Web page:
IS: We did a recce ride over the course on Thursday and it's obvious that it’s crucial to be at the front on those narrow roads.

VN: Did that apprenticeship you served with Landbouwkrediet and ISD help?

IS: It’s hard riding for the smaller teams; less so ISD than Landbouwkrediet, but at Sky you have the likes of Juan Antonio Flecha, Jez Hunt and Matthew Hayman who give you such good advice. On the small teams you largely just have to fend for yourself, and that makes it tough.

VN: Did you begin to think the break could stay away?

IS: Initially I didn’t think that it could, not with two Liquigas; but as the kilometres clicked down I began to think that there was a chance for us.

VN: Sagan criticised your work rate…

IS: I think that I did my fair share of work in the break – I did some big turns, especially after Bodnar was dropped, so I’m not sure what he’s going on about.

VN: And when you went, Sagan couldn’t counter…

IS: I was feeling strong and managed to take a little breather, I could feel that the peloton was catching us so I went with about two K to go.

VN: When did you get swamped?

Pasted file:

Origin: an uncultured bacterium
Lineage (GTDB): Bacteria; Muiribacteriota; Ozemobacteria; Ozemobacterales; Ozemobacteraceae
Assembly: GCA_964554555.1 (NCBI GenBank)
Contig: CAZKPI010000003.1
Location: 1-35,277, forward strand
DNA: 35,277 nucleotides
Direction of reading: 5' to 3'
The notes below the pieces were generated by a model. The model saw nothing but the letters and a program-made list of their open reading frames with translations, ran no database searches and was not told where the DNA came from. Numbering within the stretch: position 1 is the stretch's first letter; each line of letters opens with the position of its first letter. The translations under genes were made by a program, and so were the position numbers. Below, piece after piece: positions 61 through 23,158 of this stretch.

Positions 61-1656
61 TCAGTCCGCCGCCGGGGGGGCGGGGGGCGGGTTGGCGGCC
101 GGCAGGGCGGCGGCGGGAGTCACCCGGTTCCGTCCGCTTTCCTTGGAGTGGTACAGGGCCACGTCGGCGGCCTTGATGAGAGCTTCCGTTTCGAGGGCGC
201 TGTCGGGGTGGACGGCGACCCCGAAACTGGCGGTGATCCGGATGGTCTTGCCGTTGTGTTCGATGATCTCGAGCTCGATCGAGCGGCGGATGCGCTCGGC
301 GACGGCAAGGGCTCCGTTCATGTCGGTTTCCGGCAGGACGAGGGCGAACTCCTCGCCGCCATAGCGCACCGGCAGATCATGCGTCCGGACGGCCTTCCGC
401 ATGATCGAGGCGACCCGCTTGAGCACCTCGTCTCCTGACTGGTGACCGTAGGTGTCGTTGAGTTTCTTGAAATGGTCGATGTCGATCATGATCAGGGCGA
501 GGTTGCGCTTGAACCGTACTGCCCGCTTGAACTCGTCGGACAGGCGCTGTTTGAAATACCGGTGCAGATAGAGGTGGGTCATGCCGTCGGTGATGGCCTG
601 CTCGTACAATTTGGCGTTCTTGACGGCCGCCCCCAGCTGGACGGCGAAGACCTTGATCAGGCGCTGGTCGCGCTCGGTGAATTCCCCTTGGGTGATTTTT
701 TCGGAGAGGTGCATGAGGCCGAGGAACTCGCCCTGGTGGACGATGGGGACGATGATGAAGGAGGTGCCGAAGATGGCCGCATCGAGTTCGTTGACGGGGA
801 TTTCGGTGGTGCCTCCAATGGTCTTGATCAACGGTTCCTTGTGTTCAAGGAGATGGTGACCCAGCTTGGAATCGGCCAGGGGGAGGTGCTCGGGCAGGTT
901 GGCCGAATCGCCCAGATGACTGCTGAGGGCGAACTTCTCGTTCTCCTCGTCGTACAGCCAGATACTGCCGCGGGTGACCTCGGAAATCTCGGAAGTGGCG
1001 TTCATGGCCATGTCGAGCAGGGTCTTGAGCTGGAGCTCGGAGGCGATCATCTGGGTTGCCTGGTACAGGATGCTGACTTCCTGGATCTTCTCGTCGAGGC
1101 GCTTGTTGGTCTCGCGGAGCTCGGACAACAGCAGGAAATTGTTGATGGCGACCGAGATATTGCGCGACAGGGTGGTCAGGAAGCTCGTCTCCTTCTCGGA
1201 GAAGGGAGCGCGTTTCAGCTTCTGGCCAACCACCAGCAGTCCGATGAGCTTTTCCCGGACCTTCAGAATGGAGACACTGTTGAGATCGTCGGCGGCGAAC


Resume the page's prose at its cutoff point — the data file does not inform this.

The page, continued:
IS: I think at about 200 metres to go, I put my head down and just went - I could even smell the finish!

VN: Did the Belgian media make a fuss?

No – well, there was a little interview for TV. That was it.

VN: What happened to Geraint [Thomas]? He looked a tad muddy at the end...

IS: Yeah, he looked like he’d been out digging the garden! He was taking a drink and a FDJ rider clipped his wheel and brought him down, but he was lucky to land on the soft stuff. It’s a shame because the whole team was going well on Sunday but we didn’t get a result.

VN: You’ve definitely stepped up a level this year…

Ian StannardIS: Definitely, the first two seasons with Landbouwkrediet and ISD you’re thinking; “it’s nice to be a pro” but you don’t actually learn much.

With Sky I feel much more part of the team and my confidence has grown – and as I said, you get such good advice from your team mates.

VN: How do you recover after a day like Wevelgem?

IS: I did an hour on Monday, two hours today, Tuesday and tomorrow I’ll listen to my body and do a longer run according to how I feel – and I might do a bit behind the motorbike.

It’s a fine line between resting and backing off too much and your body shutting down.

Are you riding the Tour of Flanders and Paris – Roubaix?

Yes, I’m riding both – we’ll have a team meet on Saturday to discuss tactics for Sunday.

Which is all very well, but in a race like that anything can happen and your plan has to be versatile – although Flecha will be our leader for both races.

Did you get a nice Belgian beer after Wevelgem?

IS: No, I had to fly home, I’ll get one after Roubaix.

When you’re among the mud on some cobbled berg, do ever think about nice warm velodromes?

IS: Nah! I don’t miss velodromes one bit, there’s nothing worse than your legs not working properly, pedalling squares behind some derny lapping an empty track.

I’d much sooner be charging around Belgium…!